Works will be for sale. For more info, please email email@example.com.
ABOUT THE ARTISTS
Sasha Vinci lives and works in Sicily, Italy. His art focuses on the continuous experimentations with different creative languages (from performance to sculpture, from sound design to writing and painting) and investigates the most problematic aspects of being in the world. The work of Sasha Vinci has been shown in many national and international exhibitions, and has been published in journals and magazines such as Hi-Fructose, Flash Art, and Artribune. http://www.sashavinci.it/
Rachel Frank grew up near Big Bone Lick, Kentucky, the birthplace of American paleontology, where large mammoth and other megafauna fossils were found, altering Western views on extinction and evolution. Her work uses sculpture, video, and performance to explore our relationships and shifting perspectives towards natural history, climate change, and non-human species. She currently lives and works in Brooklyn, NY. https://rachelfrank.com/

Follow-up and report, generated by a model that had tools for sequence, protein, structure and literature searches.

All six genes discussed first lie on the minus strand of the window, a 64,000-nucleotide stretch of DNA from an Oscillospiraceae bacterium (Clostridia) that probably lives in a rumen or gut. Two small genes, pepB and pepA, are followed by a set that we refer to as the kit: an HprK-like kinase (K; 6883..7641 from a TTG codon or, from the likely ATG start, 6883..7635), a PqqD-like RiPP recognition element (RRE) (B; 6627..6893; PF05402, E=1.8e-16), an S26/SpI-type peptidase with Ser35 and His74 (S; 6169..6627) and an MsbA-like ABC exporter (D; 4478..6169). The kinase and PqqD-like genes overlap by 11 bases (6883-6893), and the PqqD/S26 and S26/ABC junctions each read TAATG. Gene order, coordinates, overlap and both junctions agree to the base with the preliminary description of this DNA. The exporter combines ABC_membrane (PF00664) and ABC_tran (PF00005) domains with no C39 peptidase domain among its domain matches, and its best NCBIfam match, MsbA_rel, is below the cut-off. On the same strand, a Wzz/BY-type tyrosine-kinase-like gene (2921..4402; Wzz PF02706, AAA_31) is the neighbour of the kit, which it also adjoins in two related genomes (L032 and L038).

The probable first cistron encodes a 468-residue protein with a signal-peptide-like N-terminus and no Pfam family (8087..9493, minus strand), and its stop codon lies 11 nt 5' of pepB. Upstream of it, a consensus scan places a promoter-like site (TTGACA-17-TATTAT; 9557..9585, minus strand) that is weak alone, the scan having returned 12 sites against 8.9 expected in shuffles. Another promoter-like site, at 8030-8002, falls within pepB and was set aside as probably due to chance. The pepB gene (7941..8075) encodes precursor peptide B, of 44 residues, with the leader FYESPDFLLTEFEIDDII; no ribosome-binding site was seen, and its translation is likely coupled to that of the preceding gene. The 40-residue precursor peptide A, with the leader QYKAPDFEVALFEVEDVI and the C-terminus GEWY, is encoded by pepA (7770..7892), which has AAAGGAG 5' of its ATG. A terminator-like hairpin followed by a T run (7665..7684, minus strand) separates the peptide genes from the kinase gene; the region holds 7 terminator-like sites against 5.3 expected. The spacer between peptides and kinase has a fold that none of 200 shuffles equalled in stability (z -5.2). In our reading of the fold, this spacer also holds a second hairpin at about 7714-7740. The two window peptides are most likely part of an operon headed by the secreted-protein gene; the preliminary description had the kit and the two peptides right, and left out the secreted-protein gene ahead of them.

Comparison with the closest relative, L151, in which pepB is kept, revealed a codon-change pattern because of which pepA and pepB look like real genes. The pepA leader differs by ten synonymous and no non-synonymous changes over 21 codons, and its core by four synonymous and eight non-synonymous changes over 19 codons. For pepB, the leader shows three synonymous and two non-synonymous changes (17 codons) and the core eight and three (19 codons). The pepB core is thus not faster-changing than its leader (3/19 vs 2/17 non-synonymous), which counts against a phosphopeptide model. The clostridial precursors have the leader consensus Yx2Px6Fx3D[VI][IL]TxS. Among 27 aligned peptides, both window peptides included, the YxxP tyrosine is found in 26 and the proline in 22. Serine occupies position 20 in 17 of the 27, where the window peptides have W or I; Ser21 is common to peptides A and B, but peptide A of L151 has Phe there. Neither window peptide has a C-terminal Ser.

Oskar Landi was born and raised in Italy. He moved to New York in 1998 where he attended the International Center of Photography and studied cinematography at New York University while working as a photo assistant for legendary photographer Mary Ellen Mark. His work is informed by the environmental challenges of our time and our relationship with nature. https://oskarlandi.com/
Brian Buckley makes photograms: images produced by placing an object on a chemically treated sheet of paper and exposing it to light. A record of various mixed shadows and light remain. After his first solo exhibition of unique cyanotypes, Ghost Ship at ClampArt in 2017, the artist wanted to challenge the cyanotype process. Buckley finds inspiration underwater, especially in octopuses as a species, and how little is known about them. https://www.brianbuckleyphoto.com/
Alexis Rockman has blended science with informed speculation to deliver a prescient for over thirty-five years and, at times, an apocalyptic vision of the ecological state of the planet. Relying on scientific, as well as historic content, Rockman continues his vision of the collision between civilization and nature for these new works on paper. Focusing on the world’s waterways as subject matter, Rockman explores all the ways in which bodies of water have not only transported people and materials, but also helped to proliferate the spread of language, culture, art, flora and fauna, religion and disease. http://alexisrockman.net/
Image: Alexis Rockman, Hong Kong, 2020. Watercolor and acrylic on paper. 18 x 24 inches. Courtesy of Sperone Westwater Gallery.